Now, as a developer, we don’t even have to think about which coordinates we have on-hand.

	bool GraphWidget::clickHandler(int32_t x, int32_t y)
		RealPoint coords(x, y);
		logPoint(coords, "user click");

		return true;

	void GraphWidget::drawPoint(const RealPoint &coords)
		DrawingLibrary::Circle(coords, 2); // etc.

	void GraphWidget::logPoint(const GraphPoint &coords,
		const string &action)
		logfile << action << " at (" << coords.x << ", " << coords.y << ")"
			<< endl;

The type system does all the work for us. The click handler (i.e. the user of our system) does not need to know that drawing and logging require different coordinates systems, and perhaps even better, the drawPoint and logPoint functions don’t need to worry about what’s being passed in. Nobody needs to make assumptions, which means less human errors and more reliable code.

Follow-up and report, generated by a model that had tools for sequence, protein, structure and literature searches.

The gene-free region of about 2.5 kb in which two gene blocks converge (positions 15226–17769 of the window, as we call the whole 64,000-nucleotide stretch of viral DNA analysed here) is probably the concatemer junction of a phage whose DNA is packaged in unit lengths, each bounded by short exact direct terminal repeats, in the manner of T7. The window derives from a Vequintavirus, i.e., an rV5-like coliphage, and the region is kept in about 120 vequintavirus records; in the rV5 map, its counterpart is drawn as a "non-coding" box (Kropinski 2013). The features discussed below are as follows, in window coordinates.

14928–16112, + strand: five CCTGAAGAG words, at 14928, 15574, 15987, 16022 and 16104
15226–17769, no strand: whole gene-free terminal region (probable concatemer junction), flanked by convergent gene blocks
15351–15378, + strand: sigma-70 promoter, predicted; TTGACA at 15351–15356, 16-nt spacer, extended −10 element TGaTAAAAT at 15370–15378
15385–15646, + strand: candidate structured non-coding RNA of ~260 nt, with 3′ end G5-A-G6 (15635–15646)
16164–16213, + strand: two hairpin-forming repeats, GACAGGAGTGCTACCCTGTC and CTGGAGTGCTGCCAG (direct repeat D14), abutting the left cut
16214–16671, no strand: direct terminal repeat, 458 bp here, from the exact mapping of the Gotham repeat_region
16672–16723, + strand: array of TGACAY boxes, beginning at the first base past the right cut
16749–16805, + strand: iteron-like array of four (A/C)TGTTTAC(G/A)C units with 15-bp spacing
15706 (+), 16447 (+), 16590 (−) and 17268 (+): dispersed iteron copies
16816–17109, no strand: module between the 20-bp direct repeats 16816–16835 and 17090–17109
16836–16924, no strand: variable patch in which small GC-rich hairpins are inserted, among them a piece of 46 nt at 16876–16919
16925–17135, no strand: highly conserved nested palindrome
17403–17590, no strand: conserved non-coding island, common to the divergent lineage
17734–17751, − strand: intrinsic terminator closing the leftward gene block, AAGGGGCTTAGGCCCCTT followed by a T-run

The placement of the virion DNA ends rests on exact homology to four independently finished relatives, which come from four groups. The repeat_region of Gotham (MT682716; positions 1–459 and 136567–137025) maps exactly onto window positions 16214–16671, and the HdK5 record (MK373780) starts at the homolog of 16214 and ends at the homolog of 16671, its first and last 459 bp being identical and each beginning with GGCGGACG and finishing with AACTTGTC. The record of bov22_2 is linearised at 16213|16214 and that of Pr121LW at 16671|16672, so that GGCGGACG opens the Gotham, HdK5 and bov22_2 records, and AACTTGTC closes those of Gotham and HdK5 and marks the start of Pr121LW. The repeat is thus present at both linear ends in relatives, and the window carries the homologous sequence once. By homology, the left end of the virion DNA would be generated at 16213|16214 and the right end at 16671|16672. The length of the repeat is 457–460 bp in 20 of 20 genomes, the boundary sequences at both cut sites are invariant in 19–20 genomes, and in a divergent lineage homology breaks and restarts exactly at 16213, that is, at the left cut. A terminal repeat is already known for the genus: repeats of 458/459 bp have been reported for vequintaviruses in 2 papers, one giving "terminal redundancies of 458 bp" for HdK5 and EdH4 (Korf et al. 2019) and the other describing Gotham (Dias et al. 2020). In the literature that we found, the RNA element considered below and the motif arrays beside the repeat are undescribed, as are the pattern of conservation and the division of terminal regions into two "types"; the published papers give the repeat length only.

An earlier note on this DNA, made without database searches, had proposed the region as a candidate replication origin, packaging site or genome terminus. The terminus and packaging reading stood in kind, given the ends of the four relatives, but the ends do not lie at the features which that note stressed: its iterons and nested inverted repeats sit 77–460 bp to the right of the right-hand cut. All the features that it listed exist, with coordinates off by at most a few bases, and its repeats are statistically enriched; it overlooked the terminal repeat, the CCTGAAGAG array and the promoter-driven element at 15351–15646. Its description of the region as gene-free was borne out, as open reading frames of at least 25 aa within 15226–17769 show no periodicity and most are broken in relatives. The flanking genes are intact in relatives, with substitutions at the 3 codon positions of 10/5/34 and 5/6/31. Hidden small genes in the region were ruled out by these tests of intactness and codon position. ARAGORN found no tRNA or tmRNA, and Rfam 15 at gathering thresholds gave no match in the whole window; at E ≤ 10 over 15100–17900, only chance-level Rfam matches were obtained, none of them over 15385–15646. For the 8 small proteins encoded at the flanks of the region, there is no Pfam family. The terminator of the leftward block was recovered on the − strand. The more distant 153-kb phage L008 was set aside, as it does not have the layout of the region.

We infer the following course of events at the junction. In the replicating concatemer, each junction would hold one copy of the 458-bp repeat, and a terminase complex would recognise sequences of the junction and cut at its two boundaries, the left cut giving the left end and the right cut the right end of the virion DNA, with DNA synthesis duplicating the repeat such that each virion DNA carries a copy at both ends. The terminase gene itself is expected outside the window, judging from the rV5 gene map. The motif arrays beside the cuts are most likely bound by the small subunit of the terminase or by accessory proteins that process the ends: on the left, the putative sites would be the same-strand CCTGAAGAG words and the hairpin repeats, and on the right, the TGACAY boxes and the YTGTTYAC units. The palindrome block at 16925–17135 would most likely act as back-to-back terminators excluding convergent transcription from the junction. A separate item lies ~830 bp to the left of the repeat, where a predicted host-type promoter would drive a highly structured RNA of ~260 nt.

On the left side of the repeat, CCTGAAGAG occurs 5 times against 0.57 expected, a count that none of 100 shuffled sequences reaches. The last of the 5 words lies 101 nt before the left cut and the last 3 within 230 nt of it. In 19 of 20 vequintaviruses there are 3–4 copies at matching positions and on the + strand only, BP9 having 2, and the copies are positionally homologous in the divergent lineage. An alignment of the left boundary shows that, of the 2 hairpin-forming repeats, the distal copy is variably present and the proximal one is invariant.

Further Reading

The type system affords developers an opportunity to save time and reduce bugs. Writing maintainable code should be a first priority, and embracing the power of static typing can make code easier to work with down the road. Wrong code should look wrong, and failing to compile is even better. There are numerous every-day examples of how types can help. One such example is handling safe and unsafe strings to prevent XSS attacks by having the type-system enforce unsafe-by-default output: print(NoEscapeString("<b>Note:</b>)); print(usermsg); is easy to reason with.